Today – a timely snippet about the traditional joys and perils of milking on the first day of May … The season of Beltane has always been a time to celebrate abundance and fertility, with the newly released cows full of the joys of spring, the new milk flooding in and the fields sporting fifty new-budding shades of green. But amongst the abundance and plenty, May Day itself seems to have been a tricky boundary to navigate for the dairymaids. A time when the veil between worlds was thin, the known and the unknown jostling together, and the cows in the early morning meadow and the maids going to milk them were susceptible to mishaps. A lack of vigilance on a May morning (quite likely after the traditional night partying of Beltane Eve) could result in an abundant flow of milk being lost to a neighbour. A briar snagged on a milkmaid’s skirt and dragging behind her through the dewy grass at Beltane would draw the ‘milk luck’ with it, and if she passed through a neighbour’s field would leave the milk luck there, and there it would stay however hard she worked to increase the yields… But keeping your wits about you at the liminal times, and the first morning of May in particular, would go a long way to ensuring this didn’t happen.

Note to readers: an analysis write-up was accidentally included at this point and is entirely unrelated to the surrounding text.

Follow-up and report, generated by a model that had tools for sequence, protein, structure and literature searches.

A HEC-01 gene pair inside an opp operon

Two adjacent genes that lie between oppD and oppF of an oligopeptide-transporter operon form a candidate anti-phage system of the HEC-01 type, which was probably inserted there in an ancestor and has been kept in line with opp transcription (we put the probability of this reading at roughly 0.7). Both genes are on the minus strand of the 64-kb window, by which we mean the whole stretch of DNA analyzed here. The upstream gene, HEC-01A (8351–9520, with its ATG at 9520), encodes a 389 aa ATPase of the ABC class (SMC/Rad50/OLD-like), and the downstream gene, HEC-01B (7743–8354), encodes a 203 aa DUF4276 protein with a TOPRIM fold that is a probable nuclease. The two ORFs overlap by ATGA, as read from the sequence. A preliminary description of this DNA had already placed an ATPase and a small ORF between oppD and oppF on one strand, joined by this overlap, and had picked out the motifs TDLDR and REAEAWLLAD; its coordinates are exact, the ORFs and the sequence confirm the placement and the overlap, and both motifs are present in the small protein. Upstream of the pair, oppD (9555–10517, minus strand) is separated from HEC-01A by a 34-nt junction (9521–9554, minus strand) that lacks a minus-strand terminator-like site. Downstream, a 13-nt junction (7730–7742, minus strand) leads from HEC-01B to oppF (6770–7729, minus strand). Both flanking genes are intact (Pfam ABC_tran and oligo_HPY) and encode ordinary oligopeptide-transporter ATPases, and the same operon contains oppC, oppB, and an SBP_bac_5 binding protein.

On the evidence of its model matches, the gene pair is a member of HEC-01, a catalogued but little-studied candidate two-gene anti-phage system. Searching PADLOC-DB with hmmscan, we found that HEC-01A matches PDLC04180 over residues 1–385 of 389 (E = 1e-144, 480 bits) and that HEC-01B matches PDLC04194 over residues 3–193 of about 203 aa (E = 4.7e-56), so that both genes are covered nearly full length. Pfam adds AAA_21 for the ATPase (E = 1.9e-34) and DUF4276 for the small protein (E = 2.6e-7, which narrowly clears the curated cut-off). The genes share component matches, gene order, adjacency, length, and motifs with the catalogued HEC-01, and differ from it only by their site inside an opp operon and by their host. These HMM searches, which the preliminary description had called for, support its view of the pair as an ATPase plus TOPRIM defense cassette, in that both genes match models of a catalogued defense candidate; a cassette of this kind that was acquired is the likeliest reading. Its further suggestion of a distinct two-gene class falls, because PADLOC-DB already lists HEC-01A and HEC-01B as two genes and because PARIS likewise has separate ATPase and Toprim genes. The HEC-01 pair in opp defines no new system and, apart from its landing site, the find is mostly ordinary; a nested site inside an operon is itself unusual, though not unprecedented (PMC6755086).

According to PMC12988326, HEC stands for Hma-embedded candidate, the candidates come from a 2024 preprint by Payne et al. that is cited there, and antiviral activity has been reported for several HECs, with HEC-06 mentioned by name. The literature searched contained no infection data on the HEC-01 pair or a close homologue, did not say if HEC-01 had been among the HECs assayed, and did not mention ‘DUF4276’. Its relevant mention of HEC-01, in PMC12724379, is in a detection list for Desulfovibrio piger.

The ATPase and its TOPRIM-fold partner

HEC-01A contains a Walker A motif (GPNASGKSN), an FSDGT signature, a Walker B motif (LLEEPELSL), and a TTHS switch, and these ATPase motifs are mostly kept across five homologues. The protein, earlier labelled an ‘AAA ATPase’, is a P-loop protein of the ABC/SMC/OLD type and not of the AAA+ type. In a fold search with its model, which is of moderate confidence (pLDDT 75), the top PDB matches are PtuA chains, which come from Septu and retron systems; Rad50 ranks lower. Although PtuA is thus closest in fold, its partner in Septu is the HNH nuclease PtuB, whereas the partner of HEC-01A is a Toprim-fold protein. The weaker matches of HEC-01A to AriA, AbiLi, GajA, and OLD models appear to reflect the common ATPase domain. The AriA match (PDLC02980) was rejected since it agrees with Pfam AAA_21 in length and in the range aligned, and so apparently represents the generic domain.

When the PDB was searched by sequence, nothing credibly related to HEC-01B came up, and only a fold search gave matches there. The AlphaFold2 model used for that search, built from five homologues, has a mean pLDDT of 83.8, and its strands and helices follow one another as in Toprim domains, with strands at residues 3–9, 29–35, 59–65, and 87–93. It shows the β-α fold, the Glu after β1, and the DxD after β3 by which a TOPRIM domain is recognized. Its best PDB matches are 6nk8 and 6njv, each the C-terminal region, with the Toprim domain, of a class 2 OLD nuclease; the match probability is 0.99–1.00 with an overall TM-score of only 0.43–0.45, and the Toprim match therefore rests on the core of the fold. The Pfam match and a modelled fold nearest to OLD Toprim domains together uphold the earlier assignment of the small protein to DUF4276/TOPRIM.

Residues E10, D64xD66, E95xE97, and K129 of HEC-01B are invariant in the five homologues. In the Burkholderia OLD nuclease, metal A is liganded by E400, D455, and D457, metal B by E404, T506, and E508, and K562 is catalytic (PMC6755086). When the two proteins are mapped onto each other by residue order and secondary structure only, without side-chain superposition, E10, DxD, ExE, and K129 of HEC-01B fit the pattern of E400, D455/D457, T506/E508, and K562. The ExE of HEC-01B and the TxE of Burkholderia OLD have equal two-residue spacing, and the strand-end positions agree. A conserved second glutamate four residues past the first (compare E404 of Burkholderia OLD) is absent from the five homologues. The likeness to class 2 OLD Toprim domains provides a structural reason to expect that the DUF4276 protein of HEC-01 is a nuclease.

Erica and Peggy
(text refs: Cattle in Ancient Ireland, A.T.Lucas 1989, Boundaries and Thresholds 1993, P. Lysaght, ed Hilda Ellis Davidson)